Rated R - Running Time: 1:30 - Released 12/14/01

I suppose the threat of Alzheimer's disease, a presently incurable illness which cripples the mind and erases the memory, usually during old age, is one of the primary fears of the senior generation, in the same way that, a few generations ago, tuberculosis, diphtheria, or polio would have borne the ominous specter of certain death to anyone who contracted it. The thought of "losing one's mind" is perhaps an even more emotionally paralyzing fate, especially for those who are especially thoughtful, who have benefited from being educated and well-read, than one with more physical pain. Richard Eyre's touching film Iris explores this scary and all too common scenario with grace and tenderness, telling the true story of noted British novelist and Oxford philosophy professor Iris Murdoch, whose love for words and freedom were brought to a gradual and tragic end when she contracted Alzheimer's late in life and lost all contact with her previous literary achievements and well-respected status.

There is not a slouch in this film, in front of or behind the camera. Starring in the title role is Judi Dench, one of the most underappreciated actresses today, and as usual, she does exquisite work, garnering an Oscar nomination (but not the award) for her efforts. Opposite her and no less eloquent is Jim Broadbent, who did win Best Supporting Actor for this role and rightly so. Dench's slip into madness, if you will, is gradual, subtle, and tragically unremarkable; it is made all the more believable by her understanding of the tiny but inevitable steps by which one makes such a descent. Broadbent, playing her well-educated but socially awkward partner, professor and writer John Bayley, forced to assume the uncomfortable role as the dominant partner, is beautiful in his unwillingness to accept the terrible obvious, and perhaps even more beautiful in his final acceptance of it.

Besides Dench and Broadbent, however, the performances of Kate Winslet and Hugh Bonneville (as Iris and John in their early years) deserve no less credit. The film skips back and forth between post-war and present-day England; it is, in fact, their performances which let us know how the couple's romance evolved and to what extent their life together was changed by its tragic outcome. Winslet and Bonneville seem to be doing studied and accomplished impersonations of the older actors, but their work is so much more than simply an imitation of Dench and Broadbent; Winslet gives Iris the kind of life she must have had as a young, brash philosopher in the 1940s, filled with revolutionary ideas and an adventurous love of life, sex, passion... Bonneville's stuttering, nervous John, unsure of why he has captured such a wild beauty and of whether he is even worthy of her, and yet frustrated with her occasionally cavalier and insensitive treatment toward him, gives the role a depth that underpins Broadbent's complex characterization of the man later in life, with all the love, frustration, tenderness, and confusion that resulted from the intervening years' experiences.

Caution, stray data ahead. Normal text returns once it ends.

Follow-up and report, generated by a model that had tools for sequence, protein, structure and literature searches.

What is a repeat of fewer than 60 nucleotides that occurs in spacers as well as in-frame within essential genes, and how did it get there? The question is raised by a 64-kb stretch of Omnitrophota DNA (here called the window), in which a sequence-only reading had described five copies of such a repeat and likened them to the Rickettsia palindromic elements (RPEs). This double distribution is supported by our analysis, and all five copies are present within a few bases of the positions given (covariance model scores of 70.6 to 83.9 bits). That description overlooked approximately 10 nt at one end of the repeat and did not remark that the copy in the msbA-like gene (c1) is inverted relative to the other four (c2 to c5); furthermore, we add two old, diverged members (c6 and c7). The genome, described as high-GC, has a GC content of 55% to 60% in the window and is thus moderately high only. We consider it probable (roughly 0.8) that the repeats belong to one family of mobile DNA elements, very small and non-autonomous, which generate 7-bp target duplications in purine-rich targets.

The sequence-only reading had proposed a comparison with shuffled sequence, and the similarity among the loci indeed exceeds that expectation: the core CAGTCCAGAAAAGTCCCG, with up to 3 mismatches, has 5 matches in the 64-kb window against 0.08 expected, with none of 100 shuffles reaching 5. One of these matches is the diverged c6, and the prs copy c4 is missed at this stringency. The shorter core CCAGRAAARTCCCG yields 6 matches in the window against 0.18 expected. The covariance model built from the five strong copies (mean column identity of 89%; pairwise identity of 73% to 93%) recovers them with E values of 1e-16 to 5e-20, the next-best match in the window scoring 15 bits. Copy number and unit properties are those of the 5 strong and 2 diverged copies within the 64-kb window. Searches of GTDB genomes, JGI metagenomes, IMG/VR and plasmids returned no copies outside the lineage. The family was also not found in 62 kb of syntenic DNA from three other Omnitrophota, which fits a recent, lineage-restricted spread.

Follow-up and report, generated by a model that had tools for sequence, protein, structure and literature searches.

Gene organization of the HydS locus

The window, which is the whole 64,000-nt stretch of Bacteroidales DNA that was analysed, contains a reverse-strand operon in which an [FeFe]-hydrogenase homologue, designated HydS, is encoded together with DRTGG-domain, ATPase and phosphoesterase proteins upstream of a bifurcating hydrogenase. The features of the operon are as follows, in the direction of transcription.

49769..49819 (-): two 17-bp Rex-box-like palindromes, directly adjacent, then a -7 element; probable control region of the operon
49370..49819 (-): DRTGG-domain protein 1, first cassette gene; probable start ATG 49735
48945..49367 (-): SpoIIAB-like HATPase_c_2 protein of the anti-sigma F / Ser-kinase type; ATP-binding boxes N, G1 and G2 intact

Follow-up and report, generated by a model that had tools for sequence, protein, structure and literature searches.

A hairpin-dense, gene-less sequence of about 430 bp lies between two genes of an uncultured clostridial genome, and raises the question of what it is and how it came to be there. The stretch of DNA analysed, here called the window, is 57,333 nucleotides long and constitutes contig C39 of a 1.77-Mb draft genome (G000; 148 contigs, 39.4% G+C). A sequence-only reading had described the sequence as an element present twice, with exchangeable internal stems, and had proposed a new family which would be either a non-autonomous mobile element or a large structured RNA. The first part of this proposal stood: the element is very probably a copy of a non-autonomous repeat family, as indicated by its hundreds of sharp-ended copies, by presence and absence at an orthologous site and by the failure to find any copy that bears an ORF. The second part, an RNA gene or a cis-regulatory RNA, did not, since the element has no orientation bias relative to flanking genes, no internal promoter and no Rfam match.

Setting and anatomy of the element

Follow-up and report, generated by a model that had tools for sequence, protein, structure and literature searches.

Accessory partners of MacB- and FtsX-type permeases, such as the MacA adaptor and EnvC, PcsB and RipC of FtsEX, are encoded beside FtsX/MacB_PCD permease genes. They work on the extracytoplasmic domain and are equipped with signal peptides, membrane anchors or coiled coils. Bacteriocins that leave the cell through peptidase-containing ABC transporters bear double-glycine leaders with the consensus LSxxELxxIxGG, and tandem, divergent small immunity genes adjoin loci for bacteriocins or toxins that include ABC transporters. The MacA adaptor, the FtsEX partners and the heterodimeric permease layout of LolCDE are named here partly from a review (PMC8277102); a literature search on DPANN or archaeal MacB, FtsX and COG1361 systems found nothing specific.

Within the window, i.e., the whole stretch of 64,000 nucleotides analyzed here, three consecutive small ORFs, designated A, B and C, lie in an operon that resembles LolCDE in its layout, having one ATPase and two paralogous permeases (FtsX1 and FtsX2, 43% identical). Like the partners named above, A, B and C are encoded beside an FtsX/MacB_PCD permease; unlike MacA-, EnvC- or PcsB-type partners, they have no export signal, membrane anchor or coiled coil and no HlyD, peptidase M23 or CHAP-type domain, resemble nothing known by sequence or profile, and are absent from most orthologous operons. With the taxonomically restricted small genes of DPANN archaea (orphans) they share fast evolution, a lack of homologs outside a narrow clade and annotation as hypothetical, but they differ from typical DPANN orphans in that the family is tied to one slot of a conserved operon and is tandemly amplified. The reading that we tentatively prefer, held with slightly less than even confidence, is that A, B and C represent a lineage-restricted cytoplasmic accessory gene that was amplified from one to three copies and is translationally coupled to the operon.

This script, based on John Bayley's books Iris: A Memoir and Elegy for Iris, converted into a screenplay by director Eyre and Charles Wood, is eloquent and touching, but unafraid to show the occasional harshness of human nature and the stresses at work on people whose lives have been turned upside-down. "It doesn't matter what you say to her," John says at one point, "as long as you say it like you're telling a joke." The film's constant oscillation between the two time periods is as entertaining as it is enlightening, but it seems to rush the story somewhat, especially toward the end, when Iris seems to lose all her memory just a few months after publishing her final book. This is one of the few occasions when you'll see a critic say that a film would be helped by a longer running time. As I have said before, although the story may have really happened that way, sometimes a subtle alteration of the truth is necessary to make it more believable from a cinematic point of view.

Despite the shortness of the film, however, director Eyre does take the time for some dreamlike sequences of swimming and bike riding, to show the times Iris and John spent together and how their experiences evolved, and how her love for water often softened the pain of her illness. The R rating may scare away some potential viewers if they think the film contains objectionable material, but this is a mistake; it is there primarily because there is some minor nudity by Winslet, portraying Iris's early love for skinny-dipping. Don't let the rating scare you away: this film should be seen by everyone who can, especially those over 50 or those who know or love someone who suffers from Alzheimer's disease, but also anyone who wants to witness the rare treasure such a collection of talent can produce. *****

Copyright 2002 by John R. McEwen and The Republican

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